So, a new player on the self-publish ebook market is up. Lets take a moment to see how BookBaby works.
The basic lay out is fairly similar to Smashwords, you upload a document, they turn it into an .epub, and send it off to the Apple Store, Amazon, Barnes and Noble, and Reader (Sony store.)
Now, here's the difference, you pay BookBaby $99.00 (on sale right now, usually $149.00) upfront. Then each additional year you pay them $19. And you've got to pay them $19 for an ISBN (unless you already own one). Then you get 100% of your sales (minus Amazon's, B&N, Apple's, or Reader's cut). With Smashwords you pay 0 upfront, have no upkeep fees, and get a free ISBN. You keep 85% of your sales (once again, minus the seller's cut). So, using some really simple math here, if you make one dollar per sale, you've got to sell one hundred and eighteen books before you break even on BookBaby. But once you've sold those 118 books, all your income is profit.
Meanwhile, if you make $1.00 per book, and Smashwords takes their fifteen cents, you have to sell six hundred and sixty books before you've paid Smashwords $99 in royalties. Then you have to sell and additional 127 copies in each additional year to even the $19 maintenance fee. And another 127 to cover the cost of the ISBN.
So, here goes. You sell one hundred books for a dollar a piece. On Bookbaby, you've made one dollar. On Smashwords, you've made 85. For the next hundred books on BookBaby, you're at 101 dollars, on Smashwords you're at 170. For the next hundred you get to 201 and 255. Next hundred 301 and 340, and on and on, the number gets closer and closer until BookBaby pulls ahead.
So, the question is, what's the value of money in your hands versus potential money? It's entirely possible that you'll sell those kinds of numbers if you've written a good book and put the work into promoting it. (And, of course the more you sell your book for, the fewer books you have to sell to break even.) If you've already got a half decent following, this may be a great way to go. At the same time, especially if you're just breaking into the ebook market, you might want to go with Smashwords first. At least that way you aren't paying for distribution out of hand.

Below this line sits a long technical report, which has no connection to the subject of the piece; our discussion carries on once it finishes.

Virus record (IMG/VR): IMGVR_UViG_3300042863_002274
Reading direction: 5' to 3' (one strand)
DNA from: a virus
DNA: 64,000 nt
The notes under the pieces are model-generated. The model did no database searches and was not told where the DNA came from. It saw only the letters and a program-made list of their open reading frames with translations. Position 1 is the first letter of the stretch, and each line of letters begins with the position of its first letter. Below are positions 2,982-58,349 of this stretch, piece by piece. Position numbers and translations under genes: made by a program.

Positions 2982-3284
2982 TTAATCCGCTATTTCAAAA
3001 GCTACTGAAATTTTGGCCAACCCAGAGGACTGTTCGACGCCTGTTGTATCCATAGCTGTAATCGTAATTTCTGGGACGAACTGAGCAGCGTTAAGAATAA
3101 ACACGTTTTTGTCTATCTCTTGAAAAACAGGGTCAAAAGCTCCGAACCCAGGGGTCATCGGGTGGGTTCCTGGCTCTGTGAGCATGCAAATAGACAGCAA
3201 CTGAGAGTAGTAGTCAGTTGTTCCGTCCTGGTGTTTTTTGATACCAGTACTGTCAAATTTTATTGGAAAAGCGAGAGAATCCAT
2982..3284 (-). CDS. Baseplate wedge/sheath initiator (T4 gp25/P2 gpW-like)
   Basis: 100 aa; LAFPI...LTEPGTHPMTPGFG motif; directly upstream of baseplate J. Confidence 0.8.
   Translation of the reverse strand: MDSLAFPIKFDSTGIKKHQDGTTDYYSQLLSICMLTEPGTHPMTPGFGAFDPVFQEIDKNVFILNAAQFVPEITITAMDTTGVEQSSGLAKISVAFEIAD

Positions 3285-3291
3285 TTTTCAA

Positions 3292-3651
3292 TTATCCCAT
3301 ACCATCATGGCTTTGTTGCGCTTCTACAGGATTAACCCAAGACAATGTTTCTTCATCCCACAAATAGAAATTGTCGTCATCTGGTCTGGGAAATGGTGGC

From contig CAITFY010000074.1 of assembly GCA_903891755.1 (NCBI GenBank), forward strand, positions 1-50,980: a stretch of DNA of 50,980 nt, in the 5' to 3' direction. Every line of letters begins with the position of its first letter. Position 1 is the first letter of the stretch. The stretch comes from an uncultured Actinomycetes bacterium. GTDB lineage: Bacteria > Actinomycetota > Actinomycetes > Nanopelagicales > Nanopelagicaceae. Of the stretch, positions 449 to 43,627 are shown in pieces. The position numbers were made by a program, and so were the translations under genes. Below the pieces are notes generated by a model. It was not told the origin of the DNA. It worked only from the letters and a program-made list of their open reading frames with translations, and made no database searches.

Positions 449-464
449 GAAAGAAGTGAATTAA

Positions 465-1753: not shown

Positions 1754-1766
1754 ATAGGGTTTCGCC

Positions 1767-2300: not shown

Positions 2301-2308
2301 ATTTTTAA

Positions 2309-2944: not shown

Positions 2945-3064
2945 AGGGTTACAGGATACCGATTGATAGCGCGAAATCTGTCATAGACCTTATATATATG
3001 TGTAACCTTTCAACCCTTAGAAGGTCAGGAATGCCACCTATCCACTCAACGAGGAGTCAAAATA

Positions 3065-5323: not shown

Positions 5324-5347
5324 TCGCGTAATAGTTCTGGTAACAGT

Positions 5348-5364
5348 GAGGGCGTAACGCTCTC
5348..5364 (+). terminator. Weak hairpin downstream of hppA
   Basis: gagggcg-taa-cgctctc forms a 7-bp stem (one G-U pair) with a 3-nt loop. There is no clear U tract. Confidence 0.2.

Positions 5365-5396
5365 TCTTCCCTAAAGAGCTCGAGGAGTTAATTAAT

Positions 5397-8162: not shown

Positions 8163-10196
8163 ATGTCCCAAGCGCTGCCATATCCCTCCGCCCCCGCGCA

BookBaby also charges you to add images, charts, graphs, and more than thirty interactive chapters to your table of contents. Things like that feel nickle and dimey to me. (All are free on Smashwords.) But the prices aren't outrageous, and if you're banging your head against a wall trying to get the Smashwords Meatgrinder to work, spending an extra $100 for picture formatting might not seem like a big deal.
This is another calculation you need to do, which is worth more, your time or your money? It took me three hours to get my Word .doc all set for the Meatgrinder. With BookBaby I would have skipped most of that (You do have to do some of your own format fixing for BookBaby, and if your copy is really messed up, they do charge you to get in into shape.) and just sent them $99, and they would have done it. Depending on what you'd normally make in an hour, you may save money by sending your manuscript off to BookBaby.
Unlike Smashwords they offer ebook cover design for $99 or $199 depending on how fancy you want to get. The covers on the gallery looked fine, and that's a decent, but not fantastic, price for the offerings. Or you can upload your own for free.
All in all, I'd say BookBaby looks like a valuable new option on the ebookery front.